Moreover, while you could hire individuals or small groups, Swiss cantons would farm out entire units as a source of revenue. You could, in one fell swoop, and hundreds or thousands of highly trained men ready to go so long as you had the money. 

Swiss mercenaries weren’t only pikemen, although that was their biggest claim to fame. Over time they adapted their squares to include close combat units in the center of the square, as well as crossbows. 

The success of the Swiss pikes of course spawned imitators as all military innovations do. Pike formations became the basis for warfare in the 15th century. 

There were also other mercenaries that adopted Swiss tactics, in particular, the German Landsknechts. They copied the Swiss and developed some of their own innovations including the use of the large two-handed Zweihänder swords. These large swords were used to basically break pikes and spread them apart to allow other units to move in. 

The Swiss mercenaries and the Landsknechts became rivals and the Swiss just thought of the Landsknechts as a cheap imitation. If Swiss mercenaries were the Beatles, the German Landsknechts were the Monkees. 

As pike warfare became ascendant, there would often be battles with just masses of pikemen on each side. These battles became known as the “push of pike”.

“Push of pike” battles were unusually bloody affairs with the winner usually being determined by whoever had the most willpower and stamina, or whoever had the longest pikes. 

The peak of the Swiss mercenaries was from about 1450 to 1525, and arguable their greatest accomplishment was fighting for Milan at the Battle of Novara in 1513. 

The age of the Swiss mercenary declined quickly in the early 16th century.  The Battle of Bicocca in 1522 was the signal that the times were changing as an army of Swiss mercenaries were defeated, largely due to a new weapon: firearms. 

Artillery had been used for quite some time, but now gunpowder weapons were in the hands of common soldiers, and it rendered the pike formation obsolete. 
In 1515, Switzerland declared its neutrality. That, together with the changes in military technology, ended the heyday of the Swiss mercenary. 

There were individuals and small units that did serve in other European armies through the 18th century, but they never again had the impact that they did in the 15th century. 

Now I’m guessing that if you knew anything about Swiss mercenaries before this episode started, you probably knew one thing, and it is something which I haven’t yet mentioned.

It is the last vestige of Swiss mercenaries still in use in the world today, and you might have seen them yourself if you have ever visited Rome.

I am of course talking about the Swiss Guard, who serves as the military force for the Vatican. 

The Pope had hired Swiss mercenaries in the late 15th and early 16th century in the various conflicts the Papal States had with various Italian kingdoms and with France

In 1503, Pope Julius II asked the Swiss for a constant contingent of 200 Swiss mercenaries. The units were paid for by the German merchant Jakob Fuger, who was probably the richest person in the world at this time and had invested heavily in Pope Julius and wanted to protect his investment.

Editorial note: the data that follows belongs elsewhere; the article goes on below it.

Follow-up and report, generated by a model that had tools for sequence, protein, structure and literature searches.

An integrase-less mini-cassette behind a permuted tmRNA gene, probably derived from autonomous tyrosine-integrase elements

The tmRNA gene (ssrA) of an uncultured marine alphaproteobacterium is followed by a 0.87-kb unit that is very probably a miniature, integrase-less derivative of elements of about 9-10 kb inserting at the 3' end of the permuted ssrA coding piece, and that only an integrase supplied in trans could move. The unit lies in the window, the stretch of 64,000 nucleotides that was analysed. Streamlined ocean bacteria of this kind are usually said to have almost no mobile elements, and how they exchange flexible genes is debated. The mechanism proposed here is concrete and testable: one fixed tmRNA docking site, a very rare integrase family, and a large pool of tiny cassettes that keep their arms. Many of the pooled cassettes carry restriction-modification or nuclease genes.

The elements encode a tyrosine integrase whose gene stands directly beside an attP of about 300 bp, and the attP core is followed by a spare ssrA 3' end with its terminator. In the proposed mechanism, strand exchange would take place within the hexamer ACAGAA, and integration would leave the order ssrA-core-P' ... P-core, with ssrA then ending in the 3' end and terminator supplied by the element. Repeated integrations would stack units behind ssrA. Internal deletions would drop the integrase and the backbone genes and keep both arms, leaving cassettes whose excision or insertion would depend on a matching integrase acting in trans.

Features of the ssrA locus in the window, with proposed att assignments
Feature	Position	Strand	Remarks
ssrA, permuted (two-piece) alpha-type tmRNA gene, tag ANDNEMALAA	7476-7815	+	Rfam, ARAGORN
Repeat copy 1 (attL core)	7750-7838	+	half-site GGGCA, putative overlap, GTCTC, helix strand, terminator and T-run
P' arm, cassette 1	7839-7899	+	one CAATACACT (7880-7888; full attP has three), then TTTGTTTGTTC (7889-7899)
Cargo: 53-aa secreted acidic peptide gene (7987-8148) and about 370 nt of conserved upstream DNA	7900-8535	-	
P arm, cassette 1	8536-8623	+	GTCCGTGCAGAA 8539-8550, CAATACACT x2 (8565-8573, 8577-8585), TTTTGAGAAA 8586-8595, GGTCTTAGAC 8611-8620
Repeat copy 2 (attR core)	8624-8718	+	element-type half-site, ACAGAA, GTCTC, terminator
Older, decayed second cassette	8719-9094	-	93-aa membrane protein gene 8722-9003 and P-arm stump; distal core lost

The units entered Rome in 1506, which is now considered the date of the founding of the Swiss Guard.

For the first several decades, they were an actual military force. 

The most memorable, and horrible, day in their history occurred on May 6, 1527. The Holy Roman Emperor Charles V sacked Rome. Of the 189 members of the Swiss Guard, 147 were killed in the last stand to protect Pope Clement VII. 
The pope managed to escape with 42 members of the guard. 

With the end of the Italian Wars in 1559, the Swiss Guard shifted to a role as an honor guard and for the personal protection of the pope.

The number of guards as well as the readiness of the unit has varied greatly over the last 500 years. 

By the 1970s the Swiss Guard was purely ceremonial, wearing uniforms very similar to what was worn in the 16th century, and sporting a halberd while on guard duty. The one change is that their helmets are now made of plastic, instead of metal. 

Since the assassination attempt on Pope John Paul II in 1981, they have been reformed into an actual security detail similar to the US Secret Service, often wearing plain clothes.  If you ever see guys wearing dark suits with earpieces around the Pope, they are the Swiss Guard. 

Today there are 135 members of the Swiss Guard. To join, you must be a single Catholic male with a Swiss passport between 19 and 30 years of age, have completed Swiss army basic training, and have at least a high school degree. 
Traditionally, most members of the Swiss Guard have come from the area around Lucerne. 

Even though most people don’t think of the Swiss as being a martial country, there are still remnants of their old military ways in Switzerland today. Military service is compulsory for all males, and there is a very strong militia system with members of the militia storing weapons and gear in their homes. There is also an extensive network of armories and defensive fortifications located all over the country. 

If you remember back to my episode on Operation Tanenbaum, Hitler didn’t bother invading Switzerland because he thought the cost would be too high. 
All of it dates back to some 13th-century Swiss farmers who revolutionized medieval warfare by learning to fight with very long sticks. 

  The associate producers are Thor Thomsen and Peter Bennett. Today’s review comes from listener Archie Ward over on Apple Podcasts in New Zealand. He writes:

Awesome podcast review by Archie Ward